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    Author Index

    About the Authors

    David M. Brodzinsky is Associate Professor of Developmental and Clinical Psychology at Rutgers University, where he also serves as Director of the Foster Care Counseling Project. Since receiving his doctorate in Developmental Psychology from the State University of New York at Buffalo, he has published widely in areas of child development and clinical psychology, with particular emphasis in the past 18 years on the adjustment of adopted children and their families. He has a private practice in South Orange, New Jersey, where he works primarily with members of the adoption triangle. He also is frequently called upon to serve as a forensic psychologist and expert witness in family law cases involving contested adoptions, child custody, and child abuse.

    Dr. Brodzinsky has served as a consultant to numerous public and private adoption agencies and has conducted workshops on psychological issues in adoption and foster care for mental health and child welfare professionals throughout the United States, Canada, and Great Britain. He also currently serves on the Board of Directors of the Evan B. Donaldson Adoption Institute in New York City. His publications include The Psychology of Adoption (1990), edited with M. Schechter; Being Adopted: The Lifelong Search for Self (1992), with M. Schechter and R. Henig; and Lifespan Human Development (1993), with A. Gormly.

    Daniel W. Smith is Assistant Professor of Clinical Psychology at the University of Arkansas. His current research and clinical interests focus on the assessment and treatment of child sexual abuse victims, as well as children's adaptation to adoption. He earned his doctorate in clinical psychology at Rutgers University, where he specialized in the adjustment of adopted and foster children. His experiences in working with the foster care system sparked his interest in the effects of child maltreatment, which he pursued during his internship and NIMH-funded post-doctoral training at the Medical University of South Carolina's National Crime Victims Research and Treatment Center. He serves on the Editorial Board of Child Maltreatment, and is a frequent journal reviewer in the area of traumatic stress. He also co-founded the Children's Safety Center, the first multi-disciplinary child advocacy center in Northwest Arkansas.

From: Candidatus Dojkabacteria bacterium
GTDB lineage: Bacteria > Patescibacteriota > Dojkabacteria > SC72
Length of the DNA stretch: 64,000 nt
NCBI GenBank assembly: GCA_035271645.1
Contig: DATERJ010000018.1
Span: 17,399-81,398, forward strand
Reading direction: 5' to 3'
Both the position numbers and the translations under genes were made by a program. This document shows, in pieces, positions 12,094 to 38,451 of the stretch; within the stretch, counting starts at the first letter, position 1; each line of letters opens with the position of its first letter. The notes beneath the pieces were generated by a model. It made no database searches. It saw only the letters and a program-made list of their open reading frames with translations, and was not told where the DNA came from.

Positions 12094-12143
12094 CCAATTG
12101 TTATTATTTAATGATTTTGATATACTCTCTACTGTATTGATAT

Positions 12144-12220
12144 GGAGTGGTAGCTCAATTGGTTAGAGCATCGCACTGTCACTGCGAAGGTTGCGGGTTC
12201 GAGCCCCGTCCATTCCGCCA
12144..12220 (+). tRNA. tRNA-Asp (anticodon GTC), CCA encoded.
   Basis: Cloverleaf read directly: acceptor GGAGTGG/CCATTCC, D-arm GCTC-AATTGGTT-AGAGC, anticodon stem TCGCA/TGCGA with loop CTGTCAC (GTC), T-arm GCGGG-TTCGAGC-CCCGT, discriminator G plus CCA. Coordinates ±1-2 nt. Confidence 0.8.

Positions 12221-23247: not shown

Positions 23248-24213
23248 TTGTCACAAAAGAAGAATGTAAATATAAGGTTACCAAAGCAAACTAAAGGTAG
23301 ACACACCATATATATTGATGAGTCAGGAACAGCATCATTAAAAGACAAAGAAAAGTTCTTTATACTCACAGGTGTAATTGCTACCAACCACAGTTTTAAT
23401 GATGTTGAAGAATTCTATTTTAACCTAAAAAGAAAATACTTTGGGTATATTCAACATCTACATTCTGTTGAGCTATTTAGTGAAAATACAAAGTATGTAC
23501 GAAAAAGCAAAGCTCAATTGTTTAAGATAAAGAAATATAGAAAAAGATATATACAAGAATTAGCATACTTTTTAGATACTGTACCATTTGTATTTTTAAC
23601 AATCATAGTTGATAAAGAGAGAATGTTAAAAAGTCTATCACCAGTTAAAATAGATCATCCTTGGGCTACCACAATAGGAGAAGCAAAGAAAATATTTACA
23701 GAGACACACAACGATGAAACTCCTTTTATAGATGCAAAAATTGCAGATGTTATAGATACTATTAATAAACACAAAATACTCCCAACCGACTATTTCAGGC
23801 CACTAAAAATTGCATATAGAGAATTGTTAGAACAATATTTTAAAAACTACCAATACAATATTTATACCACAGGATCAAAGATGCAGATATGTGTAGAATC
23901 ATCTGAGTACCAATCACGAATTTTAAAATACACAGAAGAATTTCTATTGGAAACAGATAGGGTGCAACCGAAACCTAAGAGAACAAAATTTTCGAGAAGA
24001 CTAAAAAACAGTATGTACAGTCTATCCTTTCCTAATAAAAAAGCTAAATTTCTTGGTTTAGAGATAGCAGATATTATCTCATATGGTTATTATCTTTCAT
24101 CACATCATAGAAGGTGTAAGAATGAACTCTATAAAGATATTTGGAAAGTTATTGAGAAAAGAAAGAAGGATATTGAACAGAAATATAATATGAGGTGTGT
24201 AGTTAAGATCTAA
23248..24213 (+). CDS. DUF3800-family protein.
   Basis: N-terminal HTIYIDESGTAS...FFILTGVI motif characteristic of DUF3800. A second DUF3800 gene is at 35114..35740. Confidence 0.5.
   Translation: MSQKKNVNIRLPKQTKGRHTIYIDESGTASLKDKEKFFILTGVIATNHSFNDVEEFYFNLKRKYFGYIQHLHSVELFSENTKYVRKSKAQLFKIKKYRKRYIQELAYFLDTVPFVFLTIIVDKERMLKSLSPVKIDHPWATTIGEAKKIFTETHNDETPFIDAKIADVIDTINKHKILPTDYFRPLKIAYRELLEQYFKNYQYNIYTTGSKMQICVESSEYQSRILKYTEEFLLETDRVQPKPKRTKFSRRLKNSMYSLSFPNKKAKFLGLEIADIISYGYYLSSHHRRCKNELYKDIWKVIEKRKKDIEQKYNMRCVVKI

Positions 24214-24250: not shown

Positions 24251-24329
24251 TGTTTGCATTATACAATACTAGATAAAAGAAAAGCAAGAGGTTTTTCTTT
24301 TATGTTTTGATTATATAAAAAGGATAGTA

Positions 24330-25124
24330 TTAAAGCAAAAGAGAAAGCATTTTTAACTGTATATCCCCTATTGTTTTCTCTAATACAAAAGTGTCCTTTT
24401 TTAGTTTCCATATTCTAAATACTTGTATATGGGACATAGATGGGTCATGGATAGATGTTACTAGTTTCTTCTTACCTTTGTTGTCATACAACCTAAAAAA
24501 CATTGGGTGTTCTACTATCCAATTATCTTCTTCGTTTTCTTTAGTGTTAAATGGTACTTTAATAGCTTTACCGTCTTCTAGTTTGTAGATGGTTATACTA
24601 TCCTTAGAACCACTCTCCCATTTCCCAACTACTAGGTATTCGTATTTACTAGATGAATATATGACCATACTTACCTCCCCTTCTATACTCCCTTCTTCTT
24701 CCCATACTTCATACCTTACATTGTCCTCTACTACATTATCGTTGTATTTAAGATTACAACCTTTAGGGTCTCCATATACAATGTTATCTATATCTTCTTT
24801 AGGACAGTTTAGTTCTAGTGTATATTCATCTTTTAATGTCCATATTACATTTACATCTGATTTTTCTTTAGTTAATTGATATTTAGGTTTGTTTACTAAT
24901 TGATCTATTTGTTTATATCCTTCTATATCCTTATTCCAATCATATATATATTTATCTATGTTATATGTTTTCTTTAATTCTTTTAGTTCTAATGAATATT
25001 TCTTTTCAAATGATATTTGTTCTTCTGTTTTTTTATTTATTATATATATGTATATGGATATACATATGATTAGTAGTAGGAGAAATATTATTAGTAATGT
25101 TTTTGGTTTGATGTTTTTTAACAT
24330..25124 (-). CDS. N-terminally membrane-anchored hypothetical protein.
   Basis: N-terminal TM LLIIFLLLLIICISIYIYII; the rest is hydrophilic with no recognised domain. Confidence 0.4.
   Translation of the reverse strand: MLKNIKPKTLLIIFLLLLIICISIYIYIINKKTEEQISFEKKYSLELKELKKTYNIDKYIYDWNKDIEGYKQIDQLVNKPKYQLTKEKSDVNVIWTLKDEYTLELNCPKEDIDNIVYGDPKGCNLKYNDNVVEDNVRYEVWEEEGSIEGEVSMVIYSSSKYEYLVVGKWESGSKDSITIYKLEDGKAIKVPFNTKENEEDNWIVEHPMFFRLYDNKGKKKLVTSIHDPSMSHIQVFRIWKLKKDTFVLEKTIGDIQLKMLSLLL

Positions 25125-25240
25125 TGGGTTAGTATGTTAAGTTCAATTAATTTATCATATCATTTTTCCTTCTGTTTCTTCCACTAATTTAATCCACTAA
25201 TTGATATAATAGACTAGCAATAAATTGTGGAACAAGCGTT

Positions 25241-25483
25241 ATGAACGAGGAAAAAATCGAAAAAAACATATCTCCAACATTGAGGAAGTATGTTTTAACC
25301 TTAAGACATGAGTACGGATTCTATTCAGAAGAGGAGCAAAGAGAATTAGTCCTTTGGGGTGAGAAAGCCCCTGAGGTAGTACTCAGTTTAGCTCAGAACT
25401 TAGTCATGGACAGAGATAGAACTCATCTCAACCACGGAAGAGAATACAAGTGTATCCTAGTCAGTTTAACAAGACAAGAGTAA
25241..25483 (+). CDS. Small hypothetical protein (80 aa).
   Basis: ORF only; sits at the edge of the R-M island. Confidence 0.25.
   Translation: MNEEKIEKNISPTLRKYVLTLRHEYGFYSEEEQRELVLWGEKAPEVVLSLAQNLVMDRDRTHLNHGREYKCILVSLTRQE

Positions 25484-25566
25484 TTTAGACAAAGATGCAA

Anne B. Brodzinsky is on the faculty of the Training Institute in Infant Mental Health in Newark, New Jersey and is a psychoanalytic candidate in the Child and Adolescent Program at the National Institute for the Psychotherapies in New York City. She has been involved in research and clinical work in adoption and foster care for the past 18 years. She has published widely on issues related to children's understanding of and adjustment to adoption, and recently has been pursuing research on the adjustment of birthmothers. She received her doctorate in counseling psychology from New York University.

    Dr. Brodzinsky has served as a consultant to numerous public and private adoption agencies and has conducted workshops on the psychology of adoption for mental health and child welfare professionals, as well as for adoptive parents, throughout the United States and Great Britain. She has a private practice in South Orange, New Jersey, which is focused on members of the adoption triangle and is the author of The Mulberry Bird (1996), a well-known children's book on adoption.